Camping with “Crocodile” Greg K.
lamingo camping area of Everglades National Park is not without its mosquitoes during the first weekend of January. This is the first camping trip when an entire carload of would-be campers stayed ten minutes and left, informing us that they were “running for their lives.” The mosquitoes weren’t that bad. The rainfall was so heavy it knocked them out of the air.
Most of us arrived on Friday. The night was beautifully clear, and a zillion stars peeked from the sky. Saturday dawned clear and cool, but warmed up quickly. The group divided up for hiking, kayaking and lounging.
Greg kayaked as far as the end of the canal, when approaching boaters advised us to “watch out for the crocodiles.” As a result, Greg decided that “back to the dock” was his preferred direction. He left the rest of the group. Toward dinnertime, Greg had not reappeared. With every charitable intention, we began “calling dibs” on his tent, car, apartment, etc. John and Peter drove back to the ranger station to inquire about empty kayaks floating back in to shore.
As if by magic, Greg appeared. He had hooked up with another unofficial group of GO members, down to Flamingo for a day trip and had canoed all afternoon. We gave him back all of his stuff.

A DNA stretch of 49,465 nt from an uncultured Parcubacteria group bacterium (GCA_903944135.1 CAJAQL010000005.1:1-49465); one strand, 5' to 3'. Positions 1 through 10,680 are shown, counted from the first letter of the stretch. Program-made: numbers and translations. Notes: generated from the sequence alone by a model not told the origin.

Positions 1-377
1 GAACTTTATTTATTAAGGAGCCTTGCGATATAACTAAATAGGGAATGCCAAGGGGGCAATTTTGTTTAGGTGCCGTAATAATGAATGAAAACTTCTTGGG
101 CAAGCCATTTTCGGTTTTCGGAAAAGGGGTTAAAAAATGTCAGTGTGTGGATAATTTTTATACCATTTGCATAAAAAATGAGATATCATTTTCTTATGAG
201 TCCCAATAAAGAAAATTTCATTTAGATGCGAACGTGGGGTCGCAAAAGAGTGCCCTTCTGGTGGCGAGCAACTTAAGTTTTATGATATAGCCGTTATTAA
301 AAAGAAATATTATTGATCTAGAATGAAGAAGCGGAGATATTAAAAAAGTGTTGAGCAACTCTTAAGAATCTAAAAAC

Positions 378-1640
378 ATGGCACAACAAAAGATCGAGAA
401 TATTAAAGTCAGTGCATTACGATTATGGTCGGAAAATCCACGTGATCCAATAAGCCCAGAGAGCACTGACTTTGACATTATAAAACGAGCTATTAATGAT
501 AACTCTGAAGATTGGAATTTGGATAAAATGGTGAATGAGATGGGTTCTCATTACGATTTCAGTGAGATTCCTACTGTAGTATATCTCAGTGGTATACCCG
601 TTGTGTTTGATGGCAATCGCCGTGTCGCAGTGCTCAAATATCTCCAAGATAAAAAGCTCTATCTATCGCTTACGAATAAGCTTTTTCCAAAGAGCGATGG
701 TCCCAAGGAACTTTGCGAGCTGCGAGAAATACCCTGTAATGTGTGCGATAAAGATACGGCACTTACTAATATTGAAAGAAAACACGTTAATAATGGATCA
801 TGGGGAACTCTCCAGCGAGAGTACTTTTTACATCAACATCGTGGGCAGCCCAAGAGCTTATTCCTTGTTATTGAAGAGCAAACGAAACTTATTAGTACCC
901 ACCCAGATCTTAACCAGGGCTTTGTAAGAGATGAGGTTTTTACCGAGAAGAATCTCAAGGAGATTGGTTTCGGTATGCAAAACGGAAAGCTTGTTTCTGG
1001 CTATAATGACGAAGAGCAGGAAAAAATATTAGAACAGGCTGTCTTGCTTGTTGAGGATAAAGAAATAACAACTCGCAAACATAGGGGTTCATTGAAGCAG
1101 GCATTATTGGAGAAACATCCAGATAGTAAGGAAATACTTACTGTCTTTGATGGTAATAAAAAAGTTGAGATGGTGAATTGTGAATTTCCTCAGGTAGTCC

Dinner was a potluck, prepared as the black clouds began to swirl like the spirit of evil over Mount Doom. Two rangers stopped by to warn us of approaching violent storms. We dished up the first course as the first drops began to fall.
After we finished, the floodgates opened, and the group crowded under the tarp. Then we began...to sing. All of the rain songs we knew. All of the show tunes, patriotic songs, television theme songs and 60’s folk songs we could think of. This is getting to be the most disgustingly happy camping group in South Florida.
Since the mosquitoes were definitely knocked out of the air by the rain, a few of us decided that a night hike in the rain on the Coastal Prairie Trail was in order. Some of the participants even wore ponchos.
Sunday dawned clear and bright. Edwin led a small group for a day hike in the northern part of the park, which is drier and more bug-free.